The overall long-term goal of this project continues to be directed at understanding the involvement of Zn-binding proteins in the absorption, metabolism, and biological functions of Zn. The project has three specific aims, which are interrelated.
Aim I. Metallothionein (MT): Sandwich ELISA and competitive RT-PCR methods for human MT expression experiments have been developed. Using total RNA derived from lymphocytes, monocytes, blood cells on dried blood spot cards for RT-PCR and erythrocyte lysates for ELISA, controlled Zn depletion and supplementation studies will define MT expression under these conditions. Human cDNA arrays with sequences for known genes will be used to screen for other Zn regulated genes using the RNA derived from lymphocytes and monocytes from subjects in the controlled intake studies. Comparison experiments with a human monocytic cell line (THP-1) will be used in Zn depletion and LPS activation experiments to screen for Zn regulated genes using cDNA array analysis, and the changes in the cellular location of MT under these conditions. MT knockout mice will be used for continuing functional studies on MT as a component of a cytoprotective system and MT as a Zn donor for CD4/CDB receptor and protein-tyrosine kinase p56Ick complex formation.
Aim II. Cysteine Rich Intestinal Protein (CRIP): Develop a strain of CRIP knockout mice for comparison studies with the previously developed CRIP overexpressing transgenic strain. Characterization studies will include FACS analysis, cytokine profiles after LPS stimulation and cDNA array analysis. Continuing studies on CRIP function related to Th1/Th2 cytokine differences and those related to Zn depletion will use the ELISA for murine and human CRIP previously developed, and both the CRIP-KO and CRIP-Tg murine strains. Studies to examine cellular CRIP localization during cytokine stimulation are planned, as are studies to identify a protein partner for CRIP using immunoprecipitation and/or two-hybrid screening methods.
Aim III. Zn Regulated Genes: Zn Transporter 1, 2, and 4 gene expression as regulated by dietary Zn, during fetal development, and by physiologic mediators such as LPS and IL-6 and diabetes will be studied by northern analysis, western analysis, and immunohistochemistry. Zn-regulated genes are being studied in rat intestine and mouse thymus using differential MRNA display. These studies will be expanded, using the murine Zn deficiency model, to identify Zn regulated genes in spleen and pancreas using cDNA array analysis.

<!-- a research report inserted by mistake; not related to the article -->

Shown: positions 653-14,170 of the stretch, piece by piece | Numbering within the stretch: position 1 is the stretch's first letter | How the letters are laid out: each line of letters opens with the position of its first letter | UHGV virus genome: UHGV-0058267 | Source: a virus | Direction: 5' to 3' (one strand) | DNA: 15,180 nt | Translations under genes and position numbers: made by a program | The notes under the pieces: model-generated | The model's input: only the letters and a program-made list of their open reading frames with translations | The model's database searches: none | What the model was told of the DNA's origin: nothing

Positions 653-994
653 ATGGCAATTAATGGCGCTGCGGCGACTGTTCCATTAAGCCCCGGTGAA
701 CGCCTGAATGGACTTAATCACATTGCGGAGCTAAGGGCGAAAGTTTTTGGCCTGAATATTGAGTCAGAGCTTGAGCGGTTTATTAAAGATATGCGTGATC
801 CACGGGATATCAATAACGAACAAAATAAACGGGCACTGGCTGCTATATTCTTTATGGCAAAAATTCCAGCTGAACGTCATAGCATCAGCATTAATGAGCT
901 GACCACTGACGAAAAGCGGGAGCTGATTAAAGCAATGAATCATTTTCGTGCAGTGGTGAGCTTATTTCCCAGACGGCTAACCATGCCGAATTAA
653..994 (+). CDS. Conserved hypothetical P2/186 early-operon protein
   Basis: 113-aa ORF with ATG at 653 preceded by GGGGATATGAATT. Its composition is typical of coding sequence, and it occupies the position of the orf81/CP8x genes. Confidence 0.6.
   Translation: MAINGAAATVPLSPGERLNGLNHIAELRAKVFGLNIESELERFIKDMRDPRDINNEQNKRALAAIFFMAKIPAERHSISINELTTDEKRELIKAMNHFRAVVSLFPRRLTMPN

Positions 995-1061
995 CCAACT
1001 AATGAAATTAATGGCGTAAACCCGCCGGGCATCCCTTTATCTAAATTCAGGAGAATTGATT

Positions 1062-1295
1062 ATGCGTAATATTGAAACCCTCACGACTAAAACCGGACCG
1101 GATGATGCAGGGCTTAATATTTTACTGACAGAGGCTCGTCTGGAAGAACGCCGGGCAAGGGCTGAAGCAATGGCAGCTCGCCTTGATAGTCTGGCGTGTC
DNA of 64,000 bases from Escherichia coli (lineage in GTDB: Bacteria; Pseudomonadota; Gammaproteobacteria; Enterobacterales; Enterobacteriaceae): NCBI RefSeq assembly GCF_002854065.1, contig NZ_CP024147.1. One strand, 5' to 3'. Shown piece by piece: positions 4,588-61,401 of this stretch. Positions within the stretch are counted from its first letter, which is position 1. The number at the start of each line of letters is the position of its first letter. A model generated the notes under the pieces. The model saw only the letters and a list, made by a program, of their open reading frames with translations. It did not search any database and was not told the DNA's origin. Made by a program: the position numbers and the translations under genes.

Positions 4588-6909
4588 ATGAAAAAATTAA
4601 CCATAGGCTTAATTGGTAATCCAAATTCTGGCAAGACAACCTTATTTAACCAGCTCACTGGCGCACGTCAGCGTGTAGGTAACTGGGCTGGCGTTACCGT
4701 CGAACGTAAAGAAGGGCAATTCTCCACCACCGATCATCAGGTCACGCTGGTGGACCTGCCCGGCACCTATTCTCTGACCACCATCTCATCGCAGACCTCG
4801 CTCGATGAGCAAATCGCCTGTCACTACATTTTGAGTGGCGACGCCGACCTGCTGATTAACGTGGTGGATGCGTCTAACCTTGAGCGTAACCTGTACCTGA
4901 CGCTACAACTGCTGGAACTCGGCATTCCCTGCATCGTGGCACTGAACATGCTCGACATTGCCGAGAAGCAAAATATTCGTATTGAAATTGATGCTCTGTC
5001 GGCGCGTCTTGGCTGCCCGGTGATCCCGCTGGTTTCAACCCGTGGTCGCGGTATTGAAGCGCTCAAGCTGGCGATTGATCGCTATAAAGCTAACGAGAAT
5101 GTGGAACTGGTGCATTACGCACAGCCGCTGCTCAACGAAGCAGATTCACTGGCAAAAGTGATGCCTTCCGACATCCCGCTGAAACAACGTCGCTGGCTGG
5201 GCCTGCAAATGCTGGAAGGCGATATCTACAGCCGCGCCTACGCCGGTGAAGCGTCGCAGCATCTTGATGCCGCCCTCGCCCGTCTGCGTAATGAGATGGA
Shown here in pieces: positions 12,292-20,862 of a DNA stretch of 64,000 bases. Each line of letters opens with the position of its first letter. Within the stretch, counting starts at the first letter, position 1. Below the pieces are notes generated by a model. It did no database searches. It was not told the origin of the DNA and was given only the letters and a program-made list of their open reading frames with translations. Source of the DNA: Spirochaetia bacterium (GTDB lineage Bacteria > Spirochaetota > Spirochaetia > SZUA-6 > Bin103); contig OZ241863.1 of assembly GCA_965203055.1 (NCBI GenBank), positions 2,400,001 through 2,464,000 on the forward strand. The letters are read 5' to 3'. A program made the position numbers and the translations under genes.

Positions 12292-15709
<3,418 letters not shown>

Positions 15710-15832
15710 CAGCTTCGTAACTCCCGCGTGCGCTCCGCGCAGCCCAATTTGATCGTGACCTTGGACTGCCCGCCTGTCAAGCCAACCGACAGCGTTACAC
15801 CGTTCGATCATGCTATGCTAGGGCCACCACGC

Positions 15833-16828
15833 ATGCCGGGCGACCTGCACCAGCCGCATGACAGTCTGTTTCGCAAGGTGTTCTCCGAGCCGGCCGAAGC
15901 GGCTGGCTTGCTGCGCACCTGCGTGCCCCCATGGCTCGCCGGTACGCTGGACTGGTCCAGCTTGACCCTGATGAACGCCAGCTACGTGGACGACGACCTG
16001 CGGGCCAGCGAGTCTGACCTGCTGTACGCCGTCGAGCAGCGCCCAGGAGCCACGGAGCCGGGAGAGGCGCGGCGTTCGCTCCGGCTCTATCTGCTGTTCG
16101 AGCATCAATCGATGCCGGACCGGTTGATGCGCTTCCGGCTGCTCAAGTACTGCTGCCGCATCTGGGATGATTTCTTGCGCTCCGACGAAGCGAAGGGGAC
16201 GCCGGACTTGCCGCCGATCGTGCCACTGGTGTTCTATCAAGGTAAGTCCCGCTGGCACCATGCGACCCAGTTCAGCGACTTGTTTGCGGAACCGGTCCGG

National Institute of Health (NIH)
National Institute of Diabetes and Digestive and Kidney Diseases (NIDDK)
Research Project (R01)
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Nutrition Study Section (NTN)
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May, Michael K
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University of Florida
Schools of Earth Sciences/Natur
United States
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Aydemir, Tolunay Beker; Chang, Shou-Mei; Guthrie, Gregory J et al. (2012) Zinc transporter ZIP14 functions in hepatic zinc, iron and glucose homeostasis during the innate immune response (endotoxemia). PLoS One 7:e48679
Aydemir, Tolunay Beker; Sitren, Harry S; Cousins, Robert J (2012) The zinc transporter Zip14 influences c-Met phosphorylation and hepatocyte proliferation during liver regeneration in mice. Gastroenterology 142:1536-46.e5
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Cousins, Robert J; Aydemir, Tolunay B; Lichten, Louis A (2010) Plenary Lecture 2: Transcription factors, regulatory elements and nutrient-gene communication. Proc Nutr Soc 69:91-4
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